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Hinton says goodbye to a forestry ‘pioneer’

Tyler Waugh

A former longtime resident of Hinton is being remembered as a pioneer of the forestry industry and a champion of outdoor recreation after passing away in Calgary last week.

Jack Wright first arrived in Hinton with wife Margaret in 1957 to work in the forestry department of Northwest Pulp and Power Ltd.

He was promoted to chief forester in 1975 and retired in 1987.

In those 30 years he is credited with establishing forestry philosophies and practices that endure today.

“He was instrumental in setting up the forest inventory and forest management programs at Hinton in the early days that set the gold standard for management planning and forest management across Canada,” said Bob Udell, who worked, volunteered and performed with Wright in Hinton over the years.

“He was a tireless and fearless spokesperson for the company, the industry and forestry in general.”

After his retirement Wright continued his involvement as a member of the Forest Resources Advisory Committee for another 27 years until leaving Hinton in 2016.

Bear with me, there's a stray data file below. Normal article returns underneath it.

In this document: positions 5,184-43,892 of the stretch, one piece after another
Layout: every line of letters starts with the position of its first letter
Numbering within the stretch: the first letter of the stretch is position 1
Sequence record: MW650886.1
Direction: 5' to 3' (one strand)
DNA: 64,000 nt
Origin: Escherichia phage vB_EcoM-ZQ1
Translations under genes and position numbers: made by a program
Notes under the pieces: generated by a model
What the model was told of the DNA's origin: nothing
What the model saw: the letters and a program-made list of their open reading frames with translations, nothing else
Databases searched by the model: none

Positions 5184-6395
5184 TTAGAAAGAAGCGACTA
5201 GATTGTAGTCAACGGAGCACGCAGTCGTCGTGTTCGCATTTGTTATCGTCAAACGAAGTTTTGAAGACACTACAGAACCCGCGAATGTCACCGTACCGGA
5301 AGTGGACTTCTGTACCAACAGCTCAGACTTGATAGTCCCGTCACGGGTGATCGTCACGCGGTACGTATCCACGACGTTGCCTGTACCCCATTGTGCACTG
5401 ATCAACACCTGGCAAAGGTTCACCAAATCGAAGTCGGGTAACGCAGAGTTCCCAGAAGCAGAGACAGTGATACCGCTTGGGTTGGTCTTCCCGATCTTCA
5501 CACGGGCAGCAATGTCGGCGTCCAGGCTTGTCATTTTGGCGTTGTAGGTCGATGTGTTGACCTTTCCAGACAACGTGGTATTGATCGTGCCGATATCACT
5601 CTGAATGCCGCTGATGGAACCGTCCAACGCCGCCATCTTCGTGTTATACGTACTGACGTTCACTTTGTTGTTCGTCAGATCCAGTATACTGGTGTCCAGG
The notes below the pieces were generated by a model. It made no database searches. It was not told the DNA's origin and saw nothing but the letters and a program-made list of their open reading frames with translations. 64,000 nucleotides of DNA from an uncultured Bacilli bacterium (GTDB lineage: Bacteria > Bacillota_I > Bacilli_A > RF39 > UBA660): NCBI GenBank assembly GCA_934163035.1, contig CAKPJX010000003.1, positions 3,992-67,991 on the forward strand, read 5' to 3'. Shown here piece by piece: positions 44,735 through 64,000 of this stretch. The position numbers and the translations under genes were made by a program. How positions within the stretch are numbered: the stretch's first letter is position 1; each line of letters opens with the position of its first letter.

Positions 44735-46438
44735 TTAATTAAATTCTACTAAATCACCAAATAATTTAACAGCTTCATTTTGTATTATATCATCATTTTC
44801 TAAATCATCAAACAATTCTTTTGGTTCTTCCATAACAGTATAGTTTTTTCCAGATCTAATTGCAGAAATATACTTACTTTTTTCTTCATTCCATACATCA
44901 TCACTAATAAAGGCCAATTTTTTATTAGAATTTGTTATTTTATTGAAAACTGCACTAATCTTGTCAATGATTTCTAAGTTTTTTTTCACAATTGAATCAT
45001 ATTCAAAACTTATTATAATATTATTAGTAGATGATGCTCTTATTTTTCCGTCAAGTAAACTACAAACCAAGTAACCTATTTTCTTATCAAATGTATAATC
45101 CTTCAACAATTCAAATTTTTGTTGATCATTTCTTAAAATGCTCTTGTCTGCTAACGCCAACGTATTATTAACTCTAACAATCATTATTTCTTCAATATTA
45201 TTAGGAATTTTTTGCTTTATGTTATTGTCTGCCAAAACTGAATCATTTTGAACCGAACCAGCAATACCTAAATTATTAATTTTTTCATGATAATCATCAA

Richard Briand, chief forester for West Fraser in Alberta, said Wright’s ongoing legacy is one of long-term focus, policy development based on research and science, as well as frugal spending and innovative solutions.

“Also don’t be afraid to be the first to do something if you know it needs to be done,” Briand added.

Wright was raised in Pembroke, Ontario, where Udell said he first developed a love of the outdoors.

Wright spent countless hours working on local ski trails – particularly the Camp 29 trails – brushing, grooming and track setting with the help of the company who kept the road plowed, and provided him an old double track to do the job.

For many years he also kept the Wild Sculpture Trail in shape by brushing and clearing deadfall.

“These trails were part of his legacy, as he started the recreation program at NWP&P. He was also very active in the Friends of Switzer Park.,” Udell shared.

Udell added that both Jack and Marg were active in the arts community of Hinton. Marg taught piano for many years as well as leading the community band and seniors’ choir.

“Jack played cornet in the band and he and Marg sang in a number of choirs over the years,” Udell said.

Jack Wright passed away April 22 in Calgary. He was 89. Those who wish to honour his life are asked to please consider a donation to The Friends
of Switzer Park.